Saturday, October 22, 2016

Trip to Fredericksburg, Part 1

The last several months have been hard on me. I had a disagreeable demi-boss (middle-middle management, dontcha love it); plus we got a pile of emergency deadlines, one right after the other; then said demi-boss took another job and left us shorthanded during all this crazy shit; and in the middle of all that, the new learning management system (LMS) we’d been pushing deadlines for was sidelined because the new student information system (SIS) that was supposed to handle it still hasn’t come up to scratch after three years of investment in trying to get the thing to work, so we had to return to the old LMS, thereby wasting a good deal of our “emergency” work. And deadlines, and deadlines, and deadlines….

Even though there’s been stuff going on in my life--my sister moving out, refurnishing some of the rooms in what is now my sole house, signing on to take care of the Friends of the Library membership list, then resigning when I couldn’t hack it along with my frickin’ deadlines--I’ve had neither time nor energy to blog or, really, do anything but work, eat, sleep, and work some more.

After about nine months without a break (except for a day off sick now & then), I was burning out fast. And I can’t afford to do that, because I’ve got a big fat mortgage now and I don’t qualify for retirement for another year.

Anyway, I was in desperately need of vacation, and as soon as the last deadline was met, I took it. Just a week, but better’n a poke in the eye.

I wanted to go somewhere out of town, where I’d be away from computers. But since my last vacation trip (Ruidoso) was a bit of a bust, I didn’t want to commit too much time to an out-of-town trip, lest it suck and my vac time be wasted. So after poking around online a bit, looking at places fairly close, I decided on Fredericksburg, TX, for just two days. I’d been wanting to see it for a while now and I found some nice-looking cottages, even if they were country-cutesy. As long as the bed frame wasn’t broken at one corner, sloped at a weird angle, and covered with a rubber sheet (as in the Ruidoso cabin), I’d be OK. Even if I slept badly away from home (as I usually do), it would only be for two nights.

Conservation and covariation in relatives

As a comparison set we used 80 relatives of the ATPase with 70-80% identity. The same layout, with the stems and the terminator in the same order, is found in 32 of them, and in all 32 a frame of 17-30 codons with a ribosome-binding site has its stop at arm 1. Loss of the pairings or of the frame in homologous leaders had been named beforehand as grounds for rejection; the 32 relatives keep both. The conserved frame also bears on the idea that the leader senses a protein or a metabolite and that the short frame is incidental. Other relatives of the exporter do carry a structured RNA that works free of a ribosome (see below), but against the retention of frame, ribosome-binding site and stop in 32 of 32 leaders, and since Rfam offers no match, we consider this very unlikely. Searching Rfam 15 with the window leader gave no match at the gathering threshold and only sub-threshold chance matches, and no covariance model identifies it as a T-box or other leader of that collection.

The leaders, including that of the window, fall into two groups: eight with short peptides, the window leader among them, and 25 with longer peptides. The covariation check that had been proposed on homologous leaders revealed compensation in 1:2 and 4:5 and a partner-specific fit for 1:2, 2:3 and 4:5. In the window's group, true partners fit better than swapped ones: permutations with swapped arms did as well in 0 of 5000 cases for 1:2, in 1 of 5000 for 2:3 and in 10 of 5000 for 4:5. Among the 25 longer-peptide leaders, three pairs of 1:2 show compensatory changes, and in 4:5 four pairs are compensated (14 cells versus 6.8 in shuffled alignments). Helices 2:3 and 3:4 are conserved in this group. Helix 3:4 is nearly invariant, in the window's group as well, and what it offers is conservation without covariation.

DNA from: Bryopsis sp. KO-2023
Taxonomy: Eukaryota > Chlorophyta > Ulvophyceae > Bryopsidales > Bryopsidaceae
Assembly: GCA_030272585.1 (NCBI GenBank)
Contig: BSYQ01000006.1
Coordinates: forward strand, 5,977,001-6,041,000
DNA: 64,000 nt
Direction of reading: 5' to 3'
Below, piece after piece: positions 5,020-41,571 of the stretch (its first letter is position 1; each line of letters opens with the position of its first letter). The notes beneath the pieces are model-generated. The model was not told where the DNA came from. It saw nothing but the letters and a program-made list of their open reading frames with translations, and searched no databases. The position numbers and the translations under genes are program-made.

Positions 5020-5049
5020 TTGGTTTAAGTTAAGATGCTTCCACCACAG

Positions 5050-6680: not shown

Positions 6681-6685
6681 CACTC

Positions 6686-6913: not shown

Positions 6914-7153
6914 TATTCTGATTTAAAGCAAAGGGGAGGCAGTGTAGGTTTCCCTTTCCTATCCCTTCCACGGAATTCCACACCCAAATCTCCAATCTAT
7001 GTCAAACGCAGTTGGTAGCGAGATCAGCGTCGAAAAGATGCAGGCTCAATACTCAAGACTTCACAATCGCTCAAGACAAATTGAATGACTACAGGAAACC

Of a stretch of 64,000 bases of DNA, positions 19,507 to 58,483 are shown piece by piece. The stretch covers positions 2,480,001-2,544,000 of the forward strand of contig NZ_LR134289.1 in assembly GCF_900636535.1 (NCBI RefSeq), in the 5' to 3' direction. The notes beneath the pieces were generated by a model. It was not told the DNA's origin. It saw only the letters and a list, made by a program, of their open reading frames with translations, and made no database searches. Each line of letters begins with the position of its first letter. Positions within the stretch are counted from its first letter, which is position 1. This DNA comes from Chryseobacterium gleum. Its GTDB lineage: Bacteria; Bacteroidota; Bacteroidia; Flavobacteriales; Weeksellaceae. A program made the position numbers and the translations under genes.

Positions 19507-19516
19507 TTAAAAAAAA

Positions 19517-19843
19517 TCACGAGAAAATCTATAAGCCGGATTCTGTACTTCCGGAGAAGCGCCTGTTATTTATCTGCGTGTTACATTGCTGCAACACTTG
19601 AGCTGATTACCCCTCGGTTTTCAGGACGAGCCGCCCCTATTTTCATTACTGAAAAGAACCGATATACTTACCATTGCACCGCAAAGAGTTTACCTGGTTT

So I scheduled my cat-sitter, packed my hat, walking stick, and little camera, and took off on the Monday of vac week. I came back on Wednesday, and it was a very nice trip, even though I didn’t sleep just terribly well. (Definitely couldn’t blame the bed for my insomnia this time!) I had a nice long drive, saw pretty things (including elk up close!), walked in the woods, took a lot of pictures, read, and rested. And when I got back home, I still had four days to kick around, sleeping late and doing whatever I wanted.

Monday (10/10)

My drive to Fredericksburg took me through Ballinger right around lunch o’clock, by my tummy, so I stopped at the Main Street Soda Fountain/Sandwich Shop (not sure what it’s officially called). The building was originally a bank when it was built in 1905, and went through a lot of changes over the years (see I sat in a booth by this stained-glass window and had to post a shot of it to Facebook (taken with my smartphone, so it’s a bit shaky).

Ballinger is possibly the whitest town in Texas. According to the waitress (who told me her entire life story while I was eating my hamburger), her adopted son, who is black (she & hubby are white), just started elementary school, making him the first black student there in 16 years. Holy cow! And they’re from Dallas, so that was a massive culture shock.

I didn’t see much of the town, but what I saw was nice-looking. This statue of Charles H. Noyes was right across the street from the sandwich shop. Here’s some info about it--rather a sad story:

A little way down the road from Ballinger is Paint Rock, the Concho County seat, where I saw this gorgeous courthouse, built in 1886. According to (, the style of architecture is French Second Empire (I would’ve said Victorian, but what do I know) and it was constructed using “rusticated” stone from a nearby quarry.